SMALL SPACE: MAXIMUM POTENTIAL
A savvy interior designer creatively uses every inch of space to highlight storage and style in her tiny San Francisco apartment.
Space-savvy strategies expand a tiny apartment.
KELLY KEISER HAS EVERYTHING SHE
NEEDS IN JUST 564 SQUARE FEET. Her small-space tricks, which can be put into practice regardless of floor plan, begin with maximizing every inch and using rooms in creative ways. Specifically, she carved a cozy bedroom out of a closet and established a compact office in one corner of the living room. Kelly also selects furniture that can serve multiple roles: Customized wardrobes hold clothing in the kitchen nook and a fold-down kitchen table with casters moves to the living room as a bar or work space.
To keep things neat, the designer is discriminating about what she brings into her home. “I have to be thoughtful about what I add—only the design samples I’m currently working on, only clothes I truly need,” Kelly says. And she never leaves home without cleaning up, part of her “pledge of cleanliness” that allows her to successfully live in a small space. “Everything has a place and is thoughtfully placed,” she says. “As a result, this is a joyful space for me.”
Baskets and a handsome tote bag, left, store file folders and paperwork under the open desk, which takes up less visual space than a heavy solid piece.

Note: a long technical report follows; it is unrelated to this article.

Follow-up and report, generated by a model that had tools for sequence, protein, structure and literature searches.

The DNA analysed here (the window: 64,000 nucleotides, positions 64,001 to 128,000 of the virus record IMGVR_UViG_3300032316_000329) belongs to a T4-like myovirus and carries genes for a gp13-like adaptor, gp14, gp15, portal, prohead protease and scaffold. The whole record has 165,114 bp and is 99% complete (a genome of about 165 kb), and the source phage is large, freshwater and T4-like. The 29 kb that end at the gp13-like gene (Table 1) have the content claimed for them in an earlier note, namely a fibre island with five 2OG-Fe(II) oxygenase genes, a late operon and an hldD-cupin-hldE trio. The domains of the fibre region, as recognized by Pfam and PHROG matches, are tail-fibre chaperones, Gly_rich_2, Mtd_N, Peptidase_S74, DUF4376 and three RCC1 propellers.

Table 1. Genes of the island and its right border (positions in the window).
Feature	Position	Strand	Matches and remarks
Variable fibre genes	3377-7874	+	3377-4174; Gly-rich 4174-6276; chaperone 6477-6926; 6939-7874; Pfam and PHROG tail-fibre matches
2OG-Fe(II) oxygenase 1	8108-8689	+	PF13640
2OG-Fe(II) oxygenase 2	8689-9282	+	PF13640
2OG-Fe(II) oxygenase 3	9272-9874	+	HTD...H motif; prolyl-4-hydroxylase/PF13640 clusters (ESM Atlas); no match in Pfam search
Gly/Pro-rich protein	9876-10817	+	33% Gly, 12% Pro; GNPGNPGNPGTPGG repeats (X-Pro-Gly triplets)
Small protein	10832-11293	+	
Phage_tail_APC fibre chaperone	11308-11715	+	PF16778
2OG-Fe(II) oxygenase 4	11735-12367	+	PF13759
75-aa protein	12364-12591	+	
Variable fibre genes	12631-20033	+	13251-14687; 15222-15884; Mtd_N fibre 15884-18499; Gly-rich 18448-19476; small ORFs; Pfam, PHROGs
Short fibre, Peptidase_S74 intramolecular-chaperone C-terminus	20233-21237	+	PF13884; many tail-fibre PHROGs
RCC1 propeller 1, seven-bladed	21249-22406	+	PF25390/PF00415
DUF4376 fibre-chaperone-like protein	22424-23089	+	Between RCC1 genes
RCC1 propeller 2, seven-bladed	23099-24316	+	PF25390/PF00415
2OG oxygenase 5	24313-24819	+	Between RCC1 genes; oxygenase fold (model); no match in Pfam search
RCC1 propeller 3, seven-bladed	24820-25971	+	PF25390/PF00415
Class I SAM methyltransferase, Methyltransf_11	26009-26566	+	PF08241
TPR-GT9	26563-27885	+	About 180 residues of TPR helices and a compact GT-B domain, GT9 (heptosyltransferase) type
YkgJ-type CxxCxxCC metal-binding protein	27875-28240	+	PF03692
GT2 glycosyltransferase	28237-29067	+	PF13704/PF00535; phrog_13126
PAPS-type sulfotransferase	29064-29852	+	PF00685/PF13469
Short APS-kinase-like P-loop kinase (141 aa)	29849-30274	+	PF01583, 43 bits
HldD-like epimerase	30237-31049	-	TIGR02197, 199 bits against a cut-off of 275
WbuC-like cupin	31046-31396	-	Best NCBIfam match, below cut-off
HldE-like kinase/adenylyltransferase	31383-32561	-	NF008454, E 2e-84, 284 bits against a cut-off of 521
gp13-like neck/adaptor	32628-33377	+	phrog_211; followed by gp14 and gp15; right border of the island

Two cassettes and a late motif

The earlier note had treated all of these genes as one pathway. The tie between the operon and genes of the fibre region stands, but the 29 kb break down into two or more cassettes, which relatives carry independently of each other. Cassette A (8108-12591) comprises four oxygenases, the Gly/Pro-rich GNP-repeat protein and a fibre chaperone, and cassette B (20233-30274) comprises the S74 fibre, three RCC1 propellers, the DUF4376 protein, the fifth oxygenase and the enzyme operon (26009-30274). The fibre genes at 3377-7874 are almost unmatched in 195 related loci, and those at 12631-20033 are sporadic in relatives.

BUSINESS AND PLEASURE
A pin board for Kelly’s design business sits atop a closed cabinet, right, where she stores work supplies. A wall of art personalizes the space.
OUT OF SIGHT
Pullout shelves and drawers in the cabinet hold Kelly’s work papers and stationery, below. She declutters the cabinet at least once a month to keep it tidy.
LIGHT AND AIRY
Kelly uses lamps in the living room, below right, for layers of light. “When you have a small space, making it feel cozy is important,” she says.
Wardrobes tuck into the kitchen nook, left, and serve as efficient clothes closets with built-in hanging space and drawers for organizing accessories, inset.
Kelly keeps her shoe collection pared down to fit the shoe racks in her closet, above, with her “one in, one out” shopping philosophy.
Drapery panels add softness, and neutral tones set a calming mood.